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Use of Hand Rehabilitation Board (Dominic’s Board) in Post Traumatic/Stroke Rehabilitation of the Upper Limbs

Published on: 31st May, 2017

In recent years, the increasing number of patients with upper limb musculoskeletal disorders seeking timely, intensive, prolonged and task oriented hospital- and home- based physical rehabilitation, and the decreasing numbers of trained therapist to provide the needed care, have left a palpable gab. These have resulted in several preventable deformities with associated complications leading to social and economic burdens. Although the introduction of some robotic devices has addressed some of these concerns, the shortfalls from the use of these devices limit their effectiveness. The newly introduced hand rehabilitation board (Dominic’s Board) was prospectively evaluated in 82 patients with ULMDs of different etiologies to assess its therapeutic efficacy in rehabilitation of ULMDs. Additive, but complementary effect was observed when used along with conventional hospital-based therapy and at home, suggesting the effectiveness of this device in preventing or ameliorating the complications associated with ULMDs.
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Reliability and validity of the Sit-To-Stand Test to assess Global Foot Mobility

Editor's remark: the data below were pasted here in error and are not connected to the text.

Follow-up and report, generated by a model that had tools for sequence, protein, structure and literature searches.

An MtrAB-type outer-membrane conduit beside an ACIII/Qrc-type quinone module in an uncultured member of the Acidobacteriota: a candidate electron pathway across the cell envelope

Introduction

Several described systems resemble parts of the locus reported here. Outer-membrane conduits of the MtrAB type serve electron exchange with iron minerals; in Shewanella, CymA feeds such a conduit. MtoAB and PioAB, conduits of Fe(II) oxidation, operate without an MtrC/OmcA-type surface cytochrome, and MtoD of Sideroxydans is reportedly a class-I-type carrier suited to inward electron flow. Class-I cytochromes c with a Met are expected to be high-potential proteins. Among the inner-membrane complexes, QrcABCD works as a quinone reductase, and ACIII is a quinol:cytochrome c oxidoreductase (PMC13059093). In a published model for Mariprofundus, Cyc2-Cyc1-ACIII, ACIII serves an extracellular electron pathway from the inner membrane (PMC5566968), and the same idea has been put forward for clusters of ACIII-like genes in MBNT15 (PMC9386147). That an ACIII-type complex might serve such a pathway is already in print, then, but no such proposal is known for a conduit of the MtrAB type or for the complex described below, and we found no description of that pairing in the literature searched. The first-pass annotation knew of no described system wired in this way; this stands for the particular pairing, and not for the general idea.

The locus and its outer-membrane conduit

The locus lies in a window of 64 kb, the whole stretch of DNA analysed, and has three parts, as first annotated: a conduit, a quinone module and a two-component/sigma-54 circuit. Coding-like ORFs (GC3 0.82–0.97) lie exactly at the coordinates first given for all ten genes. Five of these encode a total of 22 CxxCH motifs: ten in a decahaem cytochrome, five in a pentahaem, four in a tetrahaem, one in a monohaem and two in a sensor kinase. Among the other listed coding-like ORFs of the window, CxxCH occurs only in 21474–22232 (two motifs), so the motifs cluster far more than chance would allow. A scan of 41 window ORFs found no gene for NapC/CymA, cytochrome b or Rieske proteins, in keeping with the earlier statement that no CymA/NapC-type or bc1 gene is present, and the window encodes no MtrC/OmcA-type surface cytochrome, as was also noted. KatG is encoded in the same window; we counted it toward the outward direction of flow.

Published on: 23rd June, 2017

OCLC Number/Unique Identifier: 7286355564

The Sit-to-Stand test (STST) involves comparing the change in a person’s non-weight-bearing and weight-bearing foot posture to quickly classify a person’s overall foot mobility. Despite the simplicity of the test, its reliability and validity has not been established. The purpose of this study is to determine the intra-rater and inter-rater reliability of the STST as well as its validity. Ninety-seven subjects with a mean age of 25 years (±3.7) participated in the study. Each subject’s foot posture from non-weight-bearing to weight-bearing was evaluated by two different raters. Each rater classified each subject’s change in foot posture as “Hypomobile”, “Normal” or “Hypermobile”. This same procedure was repeated approximately one week later without the raters being able to review what their original classification for that subject had been. The subjects also had their foot mobility quantified by measuring the height and width of their dorsal arch in both non-weight-bearing and weight-bearing. These quantitative measures of foot mobility were then classified as “Hypomobile”, “Normal”, or “Hypermobile” using quartiles. A series of Cohen’s Kappa coefficients were used to assess the amount of agreement between the visual classifications by each rater as well as the classification between the observational and objective classifications. The between-day Kappa coefficients ranged from 0.613 to 0.719 and the inter-rater Kappa coefficients ranged from 0.473 to 0.531. The Kappa coefficients between the visual and quantitative classifications ranged from 0.281 to 0.436. The STST should therefore be used with caution because of its moderate between-rater reliability and validity.